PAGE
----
Once the client request is in workable shape, it’s time to identify and select data sources. This may be client-provided, or it may be external or both. Pro tip: document everything. Every Excel worksheet, .csv, database – everything. Where did it come from, who gave it to you, how and when? I talk about how I do that in part here.

Next I validate the data: does it make sense, is it what I expected, what’s in there? Once that’s all done I need to validate my findings with the client’s expectations. Here’s where a failure is good. You want to pick up if the data is a load of crap EARLY. You can then manage client’s expectations around outcomes – and lay the groundwork for future projects.

If it’s a failure – back to data sourcing and validation. If it’s a pass, on to cleaning and transform, another sub-workflow by itself.

Analyse, Model, Visualise

This part of my workflow is very close to the iterative model proposed by Hadley Wickham that I linked to above. It’s fundamentally repetitive: try, catch problems and insights, repeat. I also like to note the difference between visualisation for finding insight and visualisation for communicating insight. These can be the same, but they’re often different.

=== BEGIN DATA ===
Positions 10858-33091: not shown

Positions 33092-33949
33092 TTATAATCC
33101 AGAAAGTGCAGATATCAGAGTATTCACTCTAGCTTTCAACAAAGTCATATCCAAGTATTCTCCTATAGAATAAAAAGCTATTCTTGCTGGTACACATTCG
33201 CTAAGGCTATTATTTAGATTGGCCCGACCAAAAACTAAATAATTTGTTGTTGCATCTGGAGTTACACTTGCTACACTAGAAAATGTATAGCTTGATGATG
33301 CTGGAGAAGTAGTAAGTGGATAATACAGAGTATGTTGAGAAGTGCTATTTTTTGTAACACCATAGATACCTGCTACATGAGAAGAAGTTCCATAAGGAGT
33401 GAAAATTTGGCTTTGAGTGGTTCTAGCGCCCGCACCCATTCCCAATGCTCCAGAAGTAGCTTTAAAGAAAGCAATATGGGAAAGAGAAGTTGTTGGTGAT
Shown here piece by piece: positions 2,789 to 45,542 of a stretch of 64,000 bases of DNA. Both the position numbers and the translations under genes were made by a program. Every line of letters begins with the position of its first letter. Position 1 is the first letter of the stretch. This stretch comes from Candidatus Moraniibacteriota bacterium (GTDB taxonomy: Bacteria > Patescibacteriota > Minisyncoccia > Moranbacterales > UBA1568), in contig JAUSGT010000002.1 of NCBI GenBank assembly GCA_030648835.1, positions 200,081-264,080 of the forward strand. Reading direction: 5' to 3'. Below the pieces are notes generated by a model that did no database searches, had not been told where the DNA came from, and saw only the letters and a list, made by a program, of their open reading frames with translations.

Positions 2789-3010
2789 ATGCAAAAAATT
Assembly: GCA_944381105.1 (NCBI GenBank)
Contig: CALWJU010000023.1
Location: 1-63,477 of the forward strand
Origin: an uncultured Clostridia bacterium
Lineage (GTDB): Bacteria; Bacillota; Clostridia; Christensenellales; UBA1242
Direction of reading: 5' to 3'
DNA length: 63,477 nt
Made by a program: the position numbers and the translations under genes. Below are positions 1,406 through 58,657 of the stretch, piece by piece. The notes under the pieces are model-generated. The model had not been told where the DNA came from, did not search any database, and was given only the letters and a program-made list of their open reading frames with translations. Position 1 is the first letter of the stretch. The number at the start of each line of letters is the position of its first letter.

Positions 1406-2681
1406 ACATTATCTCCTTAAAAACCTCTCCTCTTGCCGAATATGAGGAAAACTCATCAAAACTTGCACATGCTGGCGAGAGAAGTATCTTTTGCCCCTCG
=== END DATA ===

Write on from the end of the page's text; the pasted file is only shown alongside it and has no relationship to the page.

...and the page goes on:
Sometimes I find an insight in the statistics and use the visualisation to communicate it. Sometimes I find the insight in the visualisation, then validate with statistics and communicate the insight to the client with a chart. Pro tip: the more complex an idea, the easier it is to present it initially with a chart. Don’t diss the humble bar chart: it’s sometimes 90% of the value I add as a consultant, fancy multi-equation models not withstanding.

This process is full of failure. Code that breaks, models that don’t work, statistics that are not useful. Insights that seem amazing at first, but aren’t valid. Often the client likes regular updates at this point and that’s a reasonable accommodation. However! Be wary about communicating your latest excitement without internal validation. It can set up expectations for your client that aren’t in line with your final findings.

You know you’re ready to move out of this cycle when you run out of failures or time or both.

Communicate and validate

This penultimate stage often takes the longest, communication is hard. Writing some code and throwing a bunch of data in a model is relatively easy. It’s also the most important stage – it’s vital that we communicate in such a way that our client or domain experts can validate what we’re finding. Avoid at all costs the temptation to tech-speak. The client must be able to engage with what you’re saying.

If that all checks out, then great – analysis complete. If it doesn’t, we’re bounced all the way back to data validation. It’s a big failure – but that’s OK. It’s far more palatable than the failures that come after ‘analysis complete’.